- Companies that rely on manufacturing from facilities in Wuhan, China, are considering alternative suppliers as facilities in the region face potential production delays. The number of coronavirus cases has exceeded 4,500 and the region has implemented a quarantine limiting travel in and out of the industrial hub.
- "We do have some suppliers in the Wuhan area," Apple CEO Tim Cook said Tuesday on the company's first quarter earnings call. "All of the suppliers there are alternate sources and we’re obviously working on mitigation plans to make up any expected production loss ... With respect to supply sources that are outside the Wuhan area, the impact is less clear at this time."
- Many factories were already closed in observance of the Lunar New Year holidays, however the break was extended as a result of the disease outbreak. Ford told Reuters Wednesday it plans to resume production at its Chinese facilities on Feb. 10. Wuhan is home to nine auto manufacturing plants, according to Business Insider.
Shippers looking to transport products out of mainland China will see a reduction in airfreight capacity as Cathay Pacific, a major passenger and cargo airline for the region, will cut its capacity "50% or more" starting Jan. 30 until the end of March 2020, the airline announced Tuesday.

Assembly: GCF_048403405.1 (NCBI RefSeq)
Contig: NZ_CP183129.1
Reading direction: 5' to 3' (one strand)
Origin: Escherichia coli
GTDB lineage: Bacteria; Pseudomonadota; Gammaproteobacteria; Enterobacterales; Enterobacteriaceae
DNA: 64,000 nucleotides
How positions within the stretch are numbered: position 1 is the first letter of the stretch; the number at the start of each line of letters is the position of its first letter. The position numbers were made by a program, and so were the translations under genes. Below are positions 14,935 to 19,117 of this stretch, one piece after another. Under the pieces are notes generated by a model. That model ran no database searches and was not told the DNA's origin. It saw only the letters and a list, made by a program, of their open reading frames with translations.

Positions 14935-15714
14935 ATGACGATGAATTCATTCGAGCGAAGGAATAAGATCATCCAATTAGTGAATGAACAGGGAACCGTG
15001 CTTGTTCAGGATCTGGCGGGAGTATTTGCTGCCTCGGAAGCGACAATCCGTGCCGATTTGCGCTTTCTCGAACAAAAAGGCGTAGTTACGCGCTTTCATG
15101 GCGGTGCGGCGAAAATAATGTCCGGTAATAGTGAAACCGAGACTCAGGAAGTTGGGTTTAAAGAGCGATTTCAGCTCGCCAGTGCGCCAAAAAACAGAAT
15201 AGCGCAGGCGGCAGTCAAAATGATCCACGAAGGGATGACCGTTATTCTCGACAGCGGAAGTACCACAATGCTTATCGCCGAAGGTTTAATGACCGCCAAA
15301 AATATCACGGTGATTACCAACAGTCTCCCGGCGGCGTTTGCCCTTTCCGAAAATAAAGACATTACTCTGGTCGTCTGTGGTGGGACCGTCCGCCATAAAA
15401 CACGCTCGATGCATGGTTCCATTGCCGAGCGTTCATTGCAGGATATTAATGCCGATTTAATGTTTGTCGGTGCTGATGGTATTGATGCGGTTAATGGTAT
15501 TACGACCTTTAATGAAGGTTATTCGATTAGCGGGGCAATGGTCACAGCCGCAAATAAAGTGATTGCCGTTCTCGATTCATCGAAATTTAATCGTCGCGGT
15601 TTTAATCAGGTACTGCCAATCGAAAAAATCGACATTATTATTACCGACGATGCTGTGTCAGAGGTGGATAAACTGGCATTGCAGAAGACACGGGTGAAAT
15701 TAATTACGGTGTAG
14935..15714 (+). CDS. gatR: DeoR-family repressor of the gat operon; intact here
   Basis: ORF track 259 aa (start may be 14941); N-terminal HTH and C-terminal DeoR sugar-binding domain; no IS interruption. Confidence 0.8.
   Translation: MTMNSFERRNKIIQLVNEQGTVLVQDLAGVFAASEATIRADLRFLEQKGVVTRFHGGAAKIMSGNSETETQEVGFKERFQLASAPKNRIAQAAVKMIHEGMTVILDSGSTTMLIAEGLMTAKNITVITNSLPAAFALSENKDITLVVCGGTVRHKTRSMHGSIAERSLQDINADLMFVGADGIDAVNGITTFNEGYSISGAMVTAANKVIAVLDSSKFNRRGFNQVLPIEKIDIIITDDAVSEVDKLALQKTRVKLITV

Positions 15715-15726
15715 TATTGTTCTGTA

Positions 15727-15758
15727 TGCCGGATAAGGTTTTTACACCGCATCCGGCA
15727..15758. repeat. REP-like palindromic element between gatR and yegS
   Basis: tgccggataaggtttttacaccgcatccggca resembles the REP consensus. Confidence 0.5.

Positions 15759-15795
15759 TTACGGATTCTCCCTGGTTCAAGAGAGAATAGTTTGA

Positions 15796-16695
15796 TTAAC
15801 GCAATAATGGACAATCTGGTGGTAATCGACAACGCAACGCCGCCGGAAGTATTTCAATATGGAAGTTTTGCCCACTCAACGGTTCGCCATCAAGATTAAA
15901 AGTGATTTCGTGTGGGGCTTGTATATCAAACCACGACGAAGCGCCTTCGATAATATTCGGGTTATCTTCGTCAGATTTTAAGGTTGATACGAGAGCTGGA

One Apple supplier, Foxconn Technology Group, told media Tuesday it is monitoring the situation and has "measures in place to ensure that we can continue to meet all global manufacturing obligations."
Wuhan is also home to a number of drug manufacturers, but the U.S. Food and Drug Administration said those manufacturers have not reported an impact on supply as a result of the outbreak, according to Wired.
"A prolonged outbreak in the area could prevent workers from going to work or even cause temporary factory closures, which would weigh on Chinese production," Wells Fargo analysts wrote in a research note Tuesday. "China’s more integral part in the global supply chain today means a decline in its output has the potential to disrupt U.S. production."
Wells Fargo analysts noted that industrial production slowed during the time of the 2003 SARS outbreak, though it coincided with the start of the U.S.-Iraq war, so it can be hard to know how much of the drop resulted from the disease outbreak.
The computer and electrical equipment industry and the machinery industry could take the biggest hits, according to Wells Fargo.
"But, the U.S. economy has become less reliant on manufacturing, so even if the sector were to fall under pressure, it would be unlikely to cause a U.S. recession," the analysts concluded.
In a press conference Tuesday, top U.S. health officials said the outbreak was serious but Americans do not need to worry about their safety.